I drove the few miles to the small, suburban, nondescript house where Rick had lived to join Paul and one of his grown daughters who’d come from Vermont, already immersed in cleaning out his one-room walk-out basement apartment. As I walked down the stairs, I found the place full of crumbled boxes of old papers of this and that, plastic bags stuffed with plastic bags, paper bags stuffed with paper bags, broken lamps, shabby furniture, boxes of glasses and cups and plates and bowls that had been shipped to him after our father died and our mother moved and downsized and were opened but never unpacked, rolled up threadbare braided rugs our mother had handmade decades ago, cobwebs and dust everywhere. And the entire place reeked of cigarette smoke.
Paul told me Rick would spend hours online arguing about the Scamdemic and “wokeism”—sometimes shouting angrily to himself, which Paul heard through his floorboards—and smoking so much that I’d found on the table next to his computer keyboard a volcanic mountain of crushed cigarette butts and ashes that he never bothered to put in any sort of ash tray.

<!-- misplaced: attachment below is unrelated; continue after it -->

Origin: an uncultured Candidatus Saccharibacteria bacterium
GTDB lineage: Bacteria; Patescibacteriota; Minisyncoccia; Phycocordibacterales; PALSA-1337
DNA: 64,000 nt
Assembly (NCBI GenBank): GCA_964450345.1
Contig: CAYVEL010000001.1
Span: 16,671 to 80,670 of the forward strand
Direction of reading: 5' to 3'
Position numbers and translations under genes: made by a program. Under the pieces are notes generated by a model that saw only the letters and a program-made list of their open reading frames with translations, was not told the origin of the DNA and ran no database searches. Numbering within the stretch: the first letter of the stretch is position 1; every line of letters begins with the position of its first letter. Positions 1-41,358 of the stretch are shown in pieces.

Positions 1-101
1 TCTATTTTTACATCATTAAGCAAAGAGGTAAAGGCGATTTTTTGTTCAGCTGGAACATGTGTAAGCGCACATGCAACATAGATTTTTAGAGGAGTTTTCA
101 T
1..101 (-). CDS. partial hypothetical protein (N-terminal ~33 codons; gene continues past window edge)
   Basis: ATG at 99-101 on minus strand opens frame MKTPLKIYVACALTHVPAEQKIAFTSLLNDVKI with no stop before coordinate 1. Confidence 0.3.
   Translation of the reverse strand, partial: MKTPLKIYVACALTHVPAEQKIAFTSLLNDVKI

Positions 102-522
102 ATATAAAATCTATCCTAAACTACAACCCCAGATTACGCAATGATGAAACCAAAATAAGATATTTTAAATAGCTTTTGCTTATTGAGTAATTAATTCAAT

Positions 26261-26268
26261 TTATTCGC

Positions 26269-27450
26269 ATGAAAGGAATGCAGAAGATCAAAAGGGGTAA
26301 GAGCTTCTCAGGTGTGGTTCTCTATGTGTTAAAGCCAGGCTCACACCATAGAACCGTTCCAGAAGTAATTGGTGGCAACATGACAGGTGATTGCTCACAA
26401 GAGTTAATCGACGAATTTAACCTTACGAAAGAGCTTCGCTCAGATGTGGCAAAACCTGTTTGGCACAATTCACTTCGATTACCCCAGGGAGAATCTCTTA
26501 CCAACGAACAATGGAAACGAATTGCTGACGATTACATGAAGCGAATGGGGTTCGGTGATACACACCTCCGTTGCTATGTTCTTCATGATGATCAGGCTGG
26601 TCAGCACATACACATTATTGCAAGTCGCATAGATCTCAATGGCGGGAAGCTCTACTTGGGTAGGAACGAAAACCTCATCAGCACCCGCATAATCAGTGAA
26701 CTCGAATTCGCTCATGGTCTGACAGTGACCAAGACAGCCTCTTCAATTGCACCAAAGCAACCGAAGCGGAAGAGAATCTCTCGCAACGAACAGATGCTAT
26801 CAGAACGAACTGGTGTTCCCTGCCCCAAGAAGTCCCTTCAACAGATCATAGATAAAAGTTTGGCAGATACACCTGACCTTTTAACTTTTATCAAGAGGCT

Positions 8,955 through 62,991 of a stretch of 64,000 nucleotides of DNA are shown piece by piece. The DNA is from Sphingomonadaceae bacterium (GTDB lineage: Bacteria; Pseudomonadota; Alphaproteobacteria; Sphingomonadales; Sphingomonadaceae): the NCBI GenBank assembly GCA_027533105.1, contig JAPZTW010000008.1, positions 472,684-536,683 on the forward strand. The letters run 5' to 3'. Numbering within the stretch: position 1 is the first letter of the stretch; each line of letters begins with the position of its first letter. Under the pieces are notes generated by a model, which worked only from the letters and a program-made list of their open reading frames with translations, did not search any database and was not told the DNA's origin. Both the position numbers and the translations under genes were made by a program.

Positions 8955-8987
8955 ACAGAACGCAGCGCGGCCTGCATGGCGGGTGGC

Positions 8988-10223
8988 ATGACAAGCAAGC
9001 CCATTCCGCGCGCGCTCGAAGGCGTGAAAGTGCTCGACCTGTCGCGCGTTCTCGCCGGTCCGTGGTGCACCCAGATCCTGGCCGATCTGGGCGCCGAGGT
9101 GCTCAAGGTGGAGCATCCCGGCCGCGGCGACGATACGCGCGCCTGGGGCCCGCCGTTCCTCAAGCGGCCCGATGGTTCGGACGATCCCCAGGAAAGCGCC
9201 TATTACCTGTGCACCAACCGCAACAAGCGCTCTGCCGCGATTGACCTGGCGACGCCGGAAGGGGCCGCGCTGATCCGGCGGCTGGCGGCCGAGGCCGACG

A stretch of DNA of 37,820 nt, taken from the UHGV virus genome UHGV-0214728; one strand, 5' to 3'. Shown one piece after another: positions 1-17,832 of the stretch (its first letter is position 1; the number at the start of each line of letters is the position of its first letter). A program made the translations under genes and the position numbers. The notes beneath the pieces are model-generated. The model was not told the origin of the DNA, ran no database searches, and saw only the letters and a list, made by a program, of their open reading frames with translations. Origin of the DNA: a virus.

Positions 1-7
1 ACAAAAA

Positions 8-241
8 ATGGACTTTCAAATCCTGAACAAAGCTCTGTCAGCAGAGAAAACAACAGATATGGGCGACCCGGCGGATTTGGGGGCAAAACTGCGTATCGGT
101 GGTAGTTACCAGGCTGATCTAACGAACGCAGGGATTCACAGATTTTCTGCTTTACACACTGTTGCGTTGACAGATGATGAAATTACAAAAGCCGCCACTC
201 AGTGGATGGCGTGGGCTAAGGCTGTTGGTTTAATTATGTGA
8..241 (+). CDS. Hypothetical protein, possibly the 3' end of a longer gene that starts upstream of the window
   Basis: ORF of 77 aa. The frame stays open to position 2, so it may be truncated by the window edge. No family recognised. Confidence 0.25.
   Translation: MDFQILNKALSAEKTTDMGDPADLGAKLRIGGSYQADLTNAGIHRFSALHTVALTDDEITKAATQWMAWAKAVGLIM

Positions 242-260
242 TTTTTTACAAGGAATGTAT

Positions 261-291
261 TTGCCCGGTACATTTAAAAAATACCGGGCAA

During that gray and gloomy day, we made at least a half-dozen trips to the local dump and recycling center. One of the things we hauled away was his refrigerator filled with molding food and mold coating the inside of its walls formed because the door could not entirely shut due to ice that had formed around the freezer.
It had been a few years since I’d last visited Rick in a previous house he’d shared with Paul. It had not been like this. Far from it. He’d kept his share of the house neat as a pin, meticulous to a fault. This was a total shock. “What the hell happened?” I wondered aloud at some point that day. I had no idea. Neither did Paul or his daughter.